Metagaming Microgame Nostalgia, Part 1

Metagaming, a fond look backward

I found a big old box of the old Metagaming Micros in a box downstairs on Friday, and that got the old nostalgic notions going about these games. Metagaming essentially created the concept of the “microgame“, a proletarian niche that I always liked (see also: Microgame FAQ). They were published between 76 and 82. They were cheap, usually boasting a folded 11 x 17 map with strip-cut, incredibly cheap counters, sometimes crude artwork, and rules that were usually typeset with an IBM selectric typewriter. The basic concept behind the microgame line was minimal components, almost disposable price, and low complexity game rules. The subjects of the games covered the waterfront, from fantasy to science fiction to history. There’s something about that Small is Beautiful concept that I still love, these many years later.

So I thought I’d do a “look backward” at some of these, and try to recollect what was good and what was absolute crap, in a small series of posts. I won’t be presenting these pieces in any discernible order, mind you, just as they come to me.

Preamble: Metagaming was a small game company from Austin, Texas that started up in the “boom time” of gaming, back in the late 70s. The head of the company, Howard Thompson, published his first game, Stellar Crusade, in big box format, then hit upon the idea of small, low-cost (usually 2.95 back then) ziploc games in the format described above. The first game published was a doozy, a little tank game named OGRE. The format proved to be popular for a while, until increasing competition from RPGs and other market forces caused the company to hit upon hard times in the early 80s. Metagaming folded its tent in 1982, and Howard Thompson dropped out of the gaming scene permanently. Howard seems to have been quite a character; there are many stories floating around about his behavior and feelings about the industry. At this date, the issue of the Metagaming copyrights seems to be unclear at best, as this correspondent reports. I know that Steve Jackson, at least, has made the wise decision to retain his intellectual property (Ogre and GEV, thought he did not retain rights for Melee). I couldn’t begin to guess about the other games.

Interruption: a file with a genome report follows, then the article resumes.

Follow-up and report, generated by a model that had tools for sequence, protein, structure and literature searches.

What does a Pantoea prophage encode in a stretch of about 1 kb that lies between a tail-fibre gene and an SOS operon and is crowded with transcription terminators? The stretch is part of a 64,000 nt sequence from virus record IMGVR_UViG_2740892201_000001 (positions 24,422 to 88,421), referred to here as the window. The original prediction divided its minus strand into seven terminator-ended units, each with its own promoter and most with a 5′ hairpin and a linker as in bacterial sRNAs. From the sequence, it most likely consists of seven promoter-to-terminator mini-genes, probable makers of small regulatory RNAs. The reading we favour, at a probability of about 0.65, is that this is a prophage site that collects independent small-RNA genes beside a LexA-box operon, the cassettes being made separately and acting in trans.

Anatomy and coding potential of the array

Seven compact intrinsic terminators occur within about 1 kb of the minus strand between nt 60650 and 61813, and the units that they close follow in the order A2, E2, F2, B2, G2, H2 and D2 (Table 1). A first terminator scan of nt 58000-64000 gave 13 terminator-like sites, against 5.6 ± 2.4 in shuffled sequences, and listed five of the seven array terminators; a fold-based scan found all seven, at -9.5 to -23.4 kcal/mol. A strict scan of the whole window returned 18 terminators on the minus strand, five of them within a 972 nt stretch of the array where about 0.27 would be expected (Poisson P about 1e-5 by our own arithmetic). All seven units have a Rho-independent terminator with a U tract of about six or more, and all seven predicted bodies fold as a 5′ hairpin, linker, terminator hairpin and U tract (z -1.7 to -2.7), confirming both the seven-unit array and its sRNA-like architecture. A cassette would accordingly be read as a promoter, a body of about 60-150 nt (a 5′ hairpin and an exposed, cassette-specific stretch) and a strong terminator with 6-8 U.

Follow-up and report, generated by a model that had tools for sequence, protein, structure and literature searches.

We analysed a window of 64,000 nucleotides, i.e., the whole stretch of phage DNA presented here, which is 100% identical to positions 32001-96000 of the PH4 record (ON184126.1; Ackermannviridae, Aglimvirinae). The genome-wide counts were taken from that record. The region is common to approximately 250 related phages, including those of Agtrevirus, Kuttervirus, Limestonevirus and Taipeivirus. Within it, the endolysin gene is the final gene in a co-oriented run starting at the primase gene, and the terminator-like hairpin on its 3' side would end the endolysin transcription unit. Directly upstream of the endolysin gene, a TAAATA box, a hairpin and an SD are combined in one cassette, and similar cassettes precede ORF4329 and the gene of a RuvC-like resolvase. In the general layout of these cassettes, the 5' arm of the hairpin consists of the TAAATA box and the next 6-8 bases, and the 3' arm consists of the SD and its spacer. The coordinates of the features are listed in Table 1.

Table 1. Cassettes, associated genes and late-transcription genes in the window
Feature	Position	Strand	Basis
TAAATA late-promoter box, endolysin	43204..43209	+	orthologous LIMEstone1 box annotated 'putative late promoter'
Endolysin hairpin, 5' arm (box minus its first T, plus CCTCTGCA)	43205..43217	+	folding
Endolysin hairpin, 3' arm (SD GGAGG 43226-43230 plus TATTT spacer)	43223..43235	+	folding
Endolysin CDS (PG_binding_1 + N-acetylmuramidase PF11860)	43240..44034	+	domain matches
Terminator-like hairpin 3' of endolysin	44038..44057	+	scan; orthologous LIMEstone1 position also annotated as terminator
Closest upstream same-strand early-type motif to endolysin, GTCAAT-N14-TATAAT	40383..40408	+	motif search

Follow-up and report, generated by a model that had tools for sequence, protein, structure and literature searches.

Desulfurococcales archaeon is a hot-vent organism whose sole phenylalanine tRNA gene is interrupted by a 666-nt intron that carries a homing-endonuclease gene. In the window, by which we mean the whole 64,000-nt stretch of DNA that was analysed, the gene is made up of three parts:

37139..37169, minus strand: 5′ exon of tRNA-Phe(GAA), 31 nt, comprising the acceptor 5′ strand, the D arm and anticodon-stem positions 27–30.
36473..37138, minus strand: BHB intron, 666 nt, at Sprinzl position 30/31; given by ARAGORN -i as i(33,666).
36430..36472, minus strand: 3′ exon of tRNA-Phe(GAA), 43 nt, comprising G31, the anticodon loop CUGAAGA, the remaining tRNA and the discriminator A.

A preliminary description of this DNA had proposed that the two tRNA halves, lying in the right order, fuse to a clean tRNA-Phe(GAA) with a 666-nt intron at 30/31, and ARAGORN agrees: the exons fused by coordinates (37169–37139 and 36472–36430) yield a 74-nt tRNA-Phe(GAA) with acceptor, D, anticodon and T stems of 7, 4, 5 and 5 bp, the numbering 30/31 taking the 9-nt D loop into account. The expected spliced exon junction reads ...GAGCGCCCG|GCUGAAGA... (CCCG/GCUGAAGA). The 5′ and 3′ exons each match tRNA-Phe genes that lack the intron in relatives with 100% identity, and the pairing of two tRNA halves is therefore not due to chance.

It seems fitting to start with the two best sellers in the line-up before we get to the obscure stuff.

1. OGRE: Metagame #1

(later published by Steve Jackson Games, and copyright is still held by that company). For assistance with figuring out what version you have, check the OGRE LUDOGRAPHY published on that site, it’s very helpful.